Real estate prices will continue to rise this year, financial analysts warn. Demand continues to grow. Is there already a bubble in the real estate market and what are the risks – answers Svetozar Kostadinov from BNT.
Spas Georgiev is looking to buy a one-bedroom apartment and give it for rent. According to him, this is a good measure against rising inflation, and he will use a bank loan to finance it. Does he see a risk to his investment?
“If there is a time when there are no tenants or no income in the property, it will simply delay its payment, but in any case it will pay off, because properties are always in demand,” Spas Georgiev commented.
About 40% of buyers are looking for housing for investment purposes, according to brokers. Properties announced for sale 2-3 years ago are also being bought. And in some districts of the big cities, there is an increase in prices of over 10%.
“It is approaching the market, which was between 2005-2008, at the moment there is a lot of interest in buying and selling. There are many motivated buyers, there are far fewer sellers, there are far fewer good offers,” commented Ivan Peev, real estate agent.
Increased interest in buying homes and taking out mortgages has prompted the Bulgarian National Bank to increase its countercyclical capital buffer.
The purpose of the mechanism is to protect the banking system from potential losses in periods of excessive credit growth. Whether the BNB will announce a new increase to 2% will largely depend on the movement of mortgage loans.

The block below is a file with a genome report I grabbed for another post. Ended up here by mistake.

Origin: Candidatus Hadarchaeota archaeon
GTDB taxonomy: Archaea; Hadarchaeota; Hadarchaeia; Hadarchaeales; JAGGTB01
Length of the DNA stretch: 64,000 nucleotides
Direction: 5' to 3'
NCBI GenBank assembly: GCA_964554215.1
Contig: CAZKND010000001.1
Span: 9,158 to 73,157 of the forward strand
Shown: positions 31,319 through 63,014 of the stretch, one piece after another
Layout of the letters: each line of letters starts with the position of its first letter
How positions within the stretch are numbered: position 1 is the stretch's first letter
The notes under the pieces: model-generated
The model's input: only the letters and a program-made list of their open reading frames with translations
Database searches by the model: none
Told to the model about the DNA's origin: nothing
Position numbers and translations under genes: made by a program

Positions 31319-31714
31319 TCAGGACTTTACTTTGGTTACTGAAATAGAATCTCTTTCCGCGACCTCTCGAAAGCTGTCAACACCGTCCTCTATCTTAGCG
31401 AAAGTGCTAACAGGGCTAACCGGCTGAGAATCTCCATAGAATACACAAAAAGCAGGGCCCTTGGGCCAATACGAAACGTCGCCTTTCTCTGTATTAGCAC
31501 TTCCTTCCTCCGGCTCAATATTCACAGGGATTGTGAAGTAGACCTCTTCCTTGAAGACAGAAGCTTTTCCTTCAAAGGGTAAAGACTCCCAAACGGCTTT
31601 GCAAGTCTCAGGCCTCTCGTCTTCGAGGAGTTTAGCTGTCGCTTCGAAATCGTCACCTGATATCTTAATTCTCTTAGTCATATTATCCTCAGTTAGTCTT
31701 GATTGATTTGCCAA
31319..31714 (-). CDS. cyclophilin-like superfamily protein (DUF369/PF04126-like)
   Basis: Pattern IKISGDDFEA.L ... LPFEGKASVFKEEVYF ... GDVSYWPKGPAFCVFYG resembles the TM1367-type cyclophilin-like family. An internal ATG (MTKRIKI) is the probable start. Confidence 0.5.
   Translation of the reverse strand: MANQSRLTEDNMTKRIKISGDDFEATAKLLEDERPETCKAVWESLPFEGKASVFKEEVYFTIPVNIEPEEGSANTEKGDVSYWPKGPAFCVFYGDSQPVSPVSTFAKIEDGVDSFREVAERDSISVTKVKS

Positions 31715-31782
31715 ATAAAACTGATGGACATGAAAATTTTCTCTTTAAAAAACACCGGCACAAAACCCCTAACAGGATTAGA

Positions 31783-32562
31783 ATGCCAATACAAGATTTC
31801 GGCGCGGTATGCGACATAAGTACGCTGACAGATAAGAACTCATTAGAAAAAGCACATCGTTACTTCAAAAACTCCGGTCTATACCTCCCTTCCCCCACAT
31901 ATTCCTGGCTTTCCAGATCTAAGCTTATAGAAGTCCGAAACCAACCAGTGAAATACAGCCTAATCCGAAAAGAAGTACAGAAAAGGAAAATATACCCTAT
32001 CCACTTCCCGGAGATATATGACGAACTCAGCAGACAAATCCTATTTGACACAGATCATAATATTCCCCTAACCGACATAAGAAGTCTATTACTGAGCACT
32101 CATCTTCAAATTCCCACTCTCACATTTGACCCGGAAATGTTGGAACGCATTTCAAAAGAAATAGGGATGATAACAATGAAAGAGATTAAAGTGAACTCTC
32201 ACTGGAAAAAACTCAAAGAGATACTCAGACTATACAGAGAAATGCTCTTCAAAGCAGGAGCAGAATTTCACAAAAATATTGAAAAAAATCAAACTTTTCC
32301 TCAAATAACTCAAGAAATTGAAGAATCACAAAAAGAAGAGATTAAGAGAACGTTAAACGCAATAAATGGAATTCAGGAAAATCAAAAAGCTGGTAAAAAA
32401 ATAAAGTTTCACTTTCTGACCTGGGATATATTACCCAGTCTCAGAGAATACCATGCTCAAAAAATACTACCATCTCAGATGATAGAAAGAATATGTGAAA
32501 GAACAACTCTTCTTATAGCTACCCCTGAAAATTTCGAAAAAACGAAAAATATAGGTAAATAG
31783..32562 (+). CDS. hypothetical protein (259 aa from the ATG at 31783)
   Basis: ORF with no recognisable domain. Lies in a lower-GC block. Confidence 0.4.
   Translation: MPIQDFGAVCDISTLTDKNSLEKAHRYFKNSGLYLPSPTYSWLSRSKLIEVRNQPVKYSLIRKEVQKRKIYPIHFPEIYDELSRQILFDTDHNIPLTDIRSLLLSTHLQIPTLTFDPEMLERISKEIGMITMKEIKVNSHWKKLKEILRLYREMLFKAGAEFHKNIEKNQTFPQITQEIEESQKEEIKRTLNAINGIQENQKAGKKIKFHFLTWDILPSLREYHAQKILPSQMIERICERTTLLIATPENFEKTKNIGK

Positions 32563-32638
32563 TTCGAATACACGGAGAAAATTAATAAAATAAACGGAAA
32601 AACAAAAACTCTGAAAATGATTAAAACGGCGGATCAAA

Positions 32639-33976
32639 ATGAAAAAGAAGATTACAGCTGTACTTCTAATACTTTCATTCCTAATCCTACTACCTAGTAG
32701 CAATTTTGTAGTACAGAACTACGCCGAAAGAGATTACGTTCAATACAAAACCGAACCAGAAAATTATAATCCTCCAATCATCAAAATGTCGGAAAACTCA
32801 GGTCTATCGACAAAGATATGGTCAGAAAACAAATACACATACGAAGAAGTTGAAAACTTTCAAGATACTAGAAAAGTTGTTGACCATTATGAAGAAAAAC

“If there is a property bubble, and prices fall, and people stop paying their mortgages to the banks because they took an investment and expected to sell the property or rent it out to get their money back, and this is not possible, in fact, the risk will be borne by the banks,” said Nikola Yankov, an investment consultant.
Negative interest rates on deposits also make people look for more profitable assets in which to invest their savings.
“In 3/4 of the real estate transactions now in Sofia should be cash, not credit. That is, it is clear that people simply transfer their money from zero-interest deposits to real assets, fearing inflation,” said Tsvetoslav Tsachev, investment consultant.
Despite the BNB measure, brokers expect the demand for housing to continue in the coming months, and the growth of prices to continue, but at a slower pace.